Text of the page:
Actives

  • Proclus – aclonifen
  • Alternator Met – diflufenican (60g/litre) + flufenacet + metribuzin 
  • Octavian Met – diflufenican (90g/litre) + flufenacet + metribuzin

Aclonifen is not for use on its own, stresses Mr Coombs. “It must be used with Liberator, and we will be launching two co-formulated products for autumn 2021.”

For autumn, in a test market, Proclus will be available in a boxed co-pack with Liberator. For pre-emergence use only, trials show that it improves blackgrass control by 10-15% and offers better consistency when compared with Liberator alone.

“Ryegrass control is lifted by 5-10% and brome by 10% when it’s used at 1.4 litres/ha. There’s also good activity on some widespread broad-leaved weeds.”

The other active ingredient, metribuzin, has also come on stream for use in cereals. From the same herbicide group as atrazine, simazine and terbutryn, its uptake is primarily by the roots, although there is some foliar uptake at a later timing.

For this reason, metribuzin lends itself to a wider application window and will be available in two products as co-formulations with Liberator, called Alternator Met and Octavian Met. The difference between the two is the ratio of diflufenican.

They can either be used in September, pre-emergence of the crop at 1 litre/ha, or as a top-up spray at 0.5 litre/ha after 1 October and before the end of November.

“This gives some flexibility. Used later, growers will be able to top up their levels of flufenacet and benefit from the foliar activity.”

Blackgrass control is lifted by 10% when used at the pre-emergence timing, while the top-up timing should reduce variability and extend the period of control.

Bromes and annual meadow-grass are also susceptible, as is a broad spectrum of broad-leaved weeds, including groundsel.

Prices for Proclus, Alternator Met and Octavian Met haven’t been released yet, but will be at a premium to Liberator, confirms Mr Coombs.

Integrating herbicides with mechanical weeding

Hoeing in spring barley

© David Jones/Farmers Weekly

The contribution made by inter-row cultivations to blackgrass control is being assessed at Niab.

With post-emergence herbicide efficacy on the slide, the ability to take out blackgrass growing between crop rows with a hoe is attracting interest – especially when it is used in conjunction with banded herbicide applications made to crop rows.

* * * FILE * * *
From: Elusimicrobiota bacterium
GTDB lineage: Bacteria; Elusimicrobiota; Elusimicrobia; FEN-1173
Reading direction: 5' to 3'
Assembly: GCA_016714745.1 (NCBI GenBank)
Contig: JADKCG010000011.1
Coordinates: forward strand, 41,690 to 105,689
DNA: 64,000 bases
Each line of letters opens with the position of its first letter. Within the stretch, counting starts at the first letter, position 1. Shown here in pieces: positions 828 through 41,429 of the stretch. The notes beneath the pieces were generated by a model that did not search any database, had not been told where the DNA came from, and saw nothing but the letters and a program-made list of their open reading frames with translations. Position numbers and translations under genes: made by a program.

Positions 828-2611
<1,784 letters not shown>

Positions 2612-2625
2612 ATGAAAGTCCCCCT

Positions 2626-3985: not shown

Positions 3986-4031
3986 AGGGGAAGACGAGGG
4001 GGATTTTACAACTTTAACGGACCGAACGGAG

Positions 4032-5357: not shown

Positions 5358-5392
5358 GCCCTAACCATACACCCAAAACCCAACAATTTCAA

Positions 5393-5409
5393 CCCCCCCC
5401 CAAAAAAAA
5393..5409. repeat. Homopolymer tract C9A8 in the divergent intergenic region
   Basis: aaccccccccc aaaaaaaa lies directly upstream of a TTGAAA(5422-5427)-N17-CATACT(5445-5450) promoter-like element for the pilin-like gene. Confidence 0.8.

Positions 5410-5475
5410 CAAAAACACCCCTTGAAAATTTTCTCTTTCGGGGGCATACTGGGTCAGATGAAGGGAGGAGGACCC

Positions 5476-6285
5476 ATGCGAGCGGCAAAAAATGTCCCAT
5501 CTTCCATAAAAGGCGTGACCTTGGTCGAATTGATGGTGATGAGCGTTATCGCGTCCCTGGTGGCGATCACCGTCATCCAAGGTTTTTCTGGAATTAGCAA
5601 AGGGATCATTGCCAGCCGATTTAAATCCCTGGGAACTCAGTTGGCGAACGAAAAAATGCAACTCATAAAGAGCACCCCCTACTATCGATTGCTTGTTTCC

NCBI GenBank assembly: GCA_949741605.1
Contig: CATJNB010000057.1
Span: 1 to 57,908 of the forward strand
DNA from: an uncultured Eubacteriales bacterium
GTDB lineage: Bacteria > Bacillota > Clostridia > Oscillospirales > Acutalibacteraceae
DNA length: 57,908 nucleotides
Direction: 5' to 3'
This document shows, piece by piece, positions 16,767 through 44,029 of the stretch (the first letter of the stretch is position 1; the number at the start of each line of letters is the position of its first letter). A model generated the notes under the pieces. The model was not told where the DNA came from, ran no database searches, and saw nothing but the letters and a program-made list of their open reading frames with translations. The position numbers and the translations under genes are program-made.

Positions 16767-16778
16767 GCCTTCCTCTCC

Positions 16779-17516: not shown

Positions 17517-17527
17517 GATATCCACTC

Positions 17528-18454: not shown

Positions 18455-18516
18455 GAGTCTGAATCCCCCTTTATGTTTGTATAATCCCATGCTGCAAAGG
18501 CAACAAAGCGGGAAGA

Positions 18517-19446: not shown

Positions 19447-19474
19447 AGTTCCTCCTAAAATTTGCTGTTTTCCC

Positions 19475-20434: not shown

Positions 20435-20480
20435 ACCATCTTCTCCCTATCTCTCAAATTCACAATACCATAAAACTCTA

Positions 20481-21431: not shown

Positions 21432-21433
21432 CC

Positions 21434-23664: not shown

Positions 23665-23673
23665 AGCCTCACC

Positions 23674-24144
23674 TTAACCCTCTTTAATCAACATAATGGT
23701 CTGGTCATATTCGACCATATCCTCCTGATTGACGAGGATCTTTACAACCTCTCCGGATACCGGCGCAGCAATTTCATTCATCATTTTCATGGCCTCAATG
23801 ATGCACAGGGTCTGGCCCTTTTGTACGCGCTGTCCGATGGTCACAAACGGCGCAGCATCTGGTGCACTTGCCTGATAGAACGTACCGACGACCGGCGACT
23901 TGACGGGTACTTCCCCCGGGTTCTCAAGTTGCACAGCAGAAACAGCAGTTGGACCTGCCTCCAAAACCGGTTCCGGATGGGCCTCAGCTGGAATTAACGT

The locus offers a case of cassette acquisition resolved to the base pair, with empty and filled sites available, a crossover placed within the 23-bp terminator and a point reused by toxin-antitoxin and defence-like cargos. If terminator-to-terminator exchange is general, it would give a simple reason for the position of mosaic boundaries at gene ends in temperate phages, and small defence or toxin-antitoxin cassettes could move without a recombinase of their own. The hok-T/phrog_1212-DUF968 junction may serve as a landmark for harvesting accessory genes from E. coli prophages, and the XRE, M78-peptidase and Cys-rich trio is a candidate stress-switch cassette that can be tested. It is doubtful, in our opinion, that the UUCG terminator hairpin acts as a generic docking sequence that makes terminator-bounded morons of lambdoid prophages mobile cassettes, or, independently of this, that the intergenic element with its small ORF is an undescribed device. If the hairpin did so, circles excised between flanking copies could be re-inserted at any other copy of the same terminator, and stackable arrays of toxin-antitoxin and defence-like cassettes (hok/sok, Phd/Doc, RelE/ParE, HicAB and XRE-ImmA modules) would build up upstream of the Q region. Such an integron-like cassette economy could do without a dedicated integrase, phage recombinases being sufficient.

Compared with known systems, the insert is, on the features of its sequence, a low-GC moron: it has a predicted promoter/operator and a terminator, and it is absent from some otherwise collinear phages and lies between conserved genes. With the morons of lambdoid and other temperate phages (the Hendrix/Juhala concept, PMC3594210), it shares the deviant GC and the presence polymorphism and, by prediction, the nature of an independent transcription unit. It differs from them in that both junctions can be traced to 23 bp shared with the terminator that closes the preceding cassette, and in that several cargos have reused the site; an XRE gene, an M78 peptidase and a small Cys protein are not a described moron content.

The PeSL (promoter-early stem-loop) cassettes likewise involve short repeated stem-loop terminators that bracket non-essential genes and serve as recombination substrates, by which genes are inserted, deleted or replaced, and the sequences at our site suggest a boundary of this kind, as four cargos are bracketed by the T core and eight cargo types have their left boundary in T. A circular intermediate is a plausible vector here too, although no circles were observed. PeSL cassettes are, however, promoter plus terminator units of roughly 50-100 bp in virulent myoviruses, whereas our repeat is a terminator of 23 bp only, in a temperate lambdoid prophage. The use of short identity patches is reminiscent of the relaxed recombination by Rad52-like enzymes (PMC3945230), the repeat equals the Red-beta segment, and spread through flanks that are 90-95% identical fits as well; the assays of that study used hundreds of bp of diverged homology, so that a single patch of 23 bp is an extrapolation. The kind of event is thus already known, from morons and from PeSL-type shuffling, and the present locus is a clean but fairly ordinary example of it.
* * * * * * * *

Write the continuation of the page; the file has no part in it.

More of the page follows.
Initial results suggest that this combined action could lead to a 60% reduction in chemical use.

Work just started at Niab by trials manager Will Smith is looking at how the crop row can be managed differently to the inter-row, so that weed control results become more consistent.

“Only treating the bit with the crop in it and then coming back to tackle surviving blackgrass mechanically is an interesting concept,” points out Niab’s John Cussans.

“Not only does it help when conditions aren’t right for successful hoeing, we believe that there might be some synergies from integrating both techniques.”

In very dry conditions, the hoe doesn’t work effectively, while in very wet conditions, it tends to bring up lumps of soil rather than individual weeds.

“We need it to work across the whole experience if farmers are going to adopt it. Perhaps by just using pre-emergence herbicides on the row and then using guided hoeing, the results will be more consistent.”

Herbicides to look out for in the future

  • Luximo, from BASF, is still on course for its 2021 launch, pending approval. Described as a breakthrough herbicide, it offers pre-emergence, residual control of a range of grasses, including difficult blackgrass and ryegrass populations. From a class of chemistry known as cineoles, Luximo is expected to help growers manage the on-going challenge of herbicide resistance.
  • IsoFlex, from FMC, has a provisional 2023 introduction date It is being developed as a pre- and early post-emergence application in cereals and oilseed rape. Offering a new mode of action, it is rumoured to be effective against key grass species.